It could be argued that most chefs merely provide that which we hunger for, and as such, are just giving us what we want. As a society, we no longer go online. We are online; our lives are lived through the screens of our smartphones. Virtual reality has become reality, computer games now resemble life, and life has become gamified. It could be said that we have become somewhat infantilised as a result, and the food we flock to and our response to food may be the strongest indicator of this. Just look at the other key trend this year, of ‘unicorn food’; a nightmarish flood of glitter and sparkles, sprinkles, whipped cream and complex sugars that can only be for the purpose of sharing online. After all, nobody would be able to actually eat the stuff. Isn’t there something tragic about that? The balance has tipped so far that certain foodstuffs have become primarily something to look at, to buy, to tell friends about… but not to eat.
The return of substance
While food trends will always come and go, it is clear that the purveyors of raindrop cakes and unicorn ice cream need to at least be aware of one thing: that their fad soon too will pass, and as history has demonstrated time and time again, people will soon be looking once more for gastronomic experiences of substance, and not merely of style. Food should not exist to be enjoyed via a screen, it should be revelled in physically, shared among friends, savoured on the tongue and used to expand the palate and the mind. When we think back on our fondest food memories, it is not to the ephemeral, fashionable dishes our minds turn. Instead, we reminisce about the hearty, the rustic, the dishes made with passion, by people who genuinely care about feeding you a meal to remember.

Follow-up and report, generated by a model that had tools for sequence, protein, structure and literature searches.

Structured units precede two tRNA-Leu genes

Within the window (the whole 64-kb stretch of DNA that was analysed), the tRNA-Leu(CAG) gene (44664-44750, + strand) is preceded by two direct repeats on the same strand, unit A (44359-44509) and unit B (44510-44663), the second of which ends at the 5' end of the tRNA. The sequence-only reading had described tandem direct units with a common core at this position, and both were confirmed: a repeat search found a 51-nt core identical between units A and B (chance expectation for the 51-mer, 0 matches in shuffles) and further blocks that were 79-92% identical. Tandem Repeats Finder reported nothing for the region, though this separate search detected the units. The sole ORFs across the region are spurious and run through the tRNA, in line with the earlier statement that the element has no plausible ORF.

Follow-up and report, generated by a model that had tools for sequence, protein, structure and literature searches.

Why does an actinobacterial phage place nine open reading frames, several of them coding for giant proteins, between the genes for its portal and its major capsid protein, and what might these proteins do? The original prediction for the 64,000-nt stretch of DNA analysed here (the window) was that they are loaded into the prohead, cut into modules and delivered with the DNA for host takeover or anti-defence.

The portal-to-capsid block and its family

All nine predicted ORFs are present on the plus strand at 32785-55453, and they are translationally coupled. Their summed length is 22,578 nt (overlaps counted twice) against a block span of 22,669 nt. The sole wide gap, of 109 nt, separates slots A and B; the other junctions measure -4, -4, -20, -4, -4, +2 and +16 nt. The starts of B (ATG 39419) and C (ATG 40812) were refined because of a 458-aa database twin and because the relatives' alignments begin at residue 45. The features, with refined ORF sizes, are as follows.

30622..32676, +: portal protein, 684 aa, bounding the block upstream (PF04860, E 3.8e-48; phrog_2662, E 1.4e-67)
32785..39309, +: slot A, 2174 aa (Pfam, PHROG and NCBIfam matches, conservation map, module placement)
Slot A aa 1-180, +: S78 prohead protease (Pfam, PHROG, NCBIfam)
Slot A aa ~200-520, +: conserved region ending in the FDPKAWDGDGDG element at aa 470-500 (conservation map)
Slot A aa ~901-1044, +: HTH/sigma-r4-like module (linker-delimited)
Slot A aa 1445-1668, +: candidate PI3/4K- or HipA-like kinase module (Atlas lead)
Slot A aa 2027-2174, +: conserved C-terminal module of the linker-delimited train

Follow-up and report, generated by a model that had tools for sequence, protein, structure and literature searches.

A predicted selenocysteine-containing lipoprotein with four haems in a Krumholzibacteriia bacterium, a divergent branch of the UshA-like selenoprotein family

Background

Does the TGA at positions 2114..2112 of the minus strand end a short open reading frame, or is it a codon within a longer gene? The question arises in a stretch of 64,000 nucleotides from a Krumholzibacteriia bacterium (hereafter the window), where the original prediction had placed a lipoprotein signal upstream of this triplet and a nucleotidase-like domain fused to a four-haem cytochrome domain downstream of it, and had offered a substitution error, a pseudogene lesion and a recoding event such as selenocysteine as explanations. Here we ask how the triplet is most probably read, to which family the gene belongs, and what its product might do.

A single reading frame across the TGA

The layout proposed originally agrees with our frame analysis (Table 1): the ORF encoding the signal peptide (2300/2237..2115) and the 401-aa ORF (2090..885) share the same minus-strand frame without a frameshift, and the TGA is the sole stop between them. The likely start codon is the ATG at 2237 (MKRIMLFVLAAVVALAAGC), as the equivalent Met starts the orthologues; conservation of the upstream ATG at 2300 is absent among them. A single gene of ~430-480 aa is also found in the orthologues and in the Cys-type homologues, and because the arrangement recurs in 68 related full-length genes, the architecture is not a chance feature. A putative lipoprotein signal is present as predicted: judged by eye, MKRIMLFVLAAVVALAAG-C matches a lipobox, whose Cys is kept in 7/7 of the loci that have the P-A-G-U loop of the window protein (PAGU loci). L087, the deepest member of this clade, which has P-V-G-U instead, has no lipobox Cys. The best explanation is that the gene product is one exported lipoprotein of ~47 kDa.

Great food – indeed, the greatest food – can be impossibly simple: fresh, flavourful tomatoes, drizzled with olive oil and spread over artisan bread still warm from the oven can bring tears to the eye of even the most jaded of chefs. It can also be incredibly complicated – just ask anyone who has slaved over a consommé, making reductions and building up layers of flavour to achieve that depth and powerful savoury hit. When dishes are served with love, pride and attention, in a restaurant where the physicality of the food takes centre stage, diners don’t immediately reach for their smartphones – they inhale the aromas, catch each other’s eye, and reach for their fork, instead.
Benjamin Norris is an avid food writer and has contributed to many well-respected food publications around the world. He now contributes to FoodSheikh. FoodSheikh is looking to expand his content offerings. If you have any good ideas or want to collaborate, give me a shout.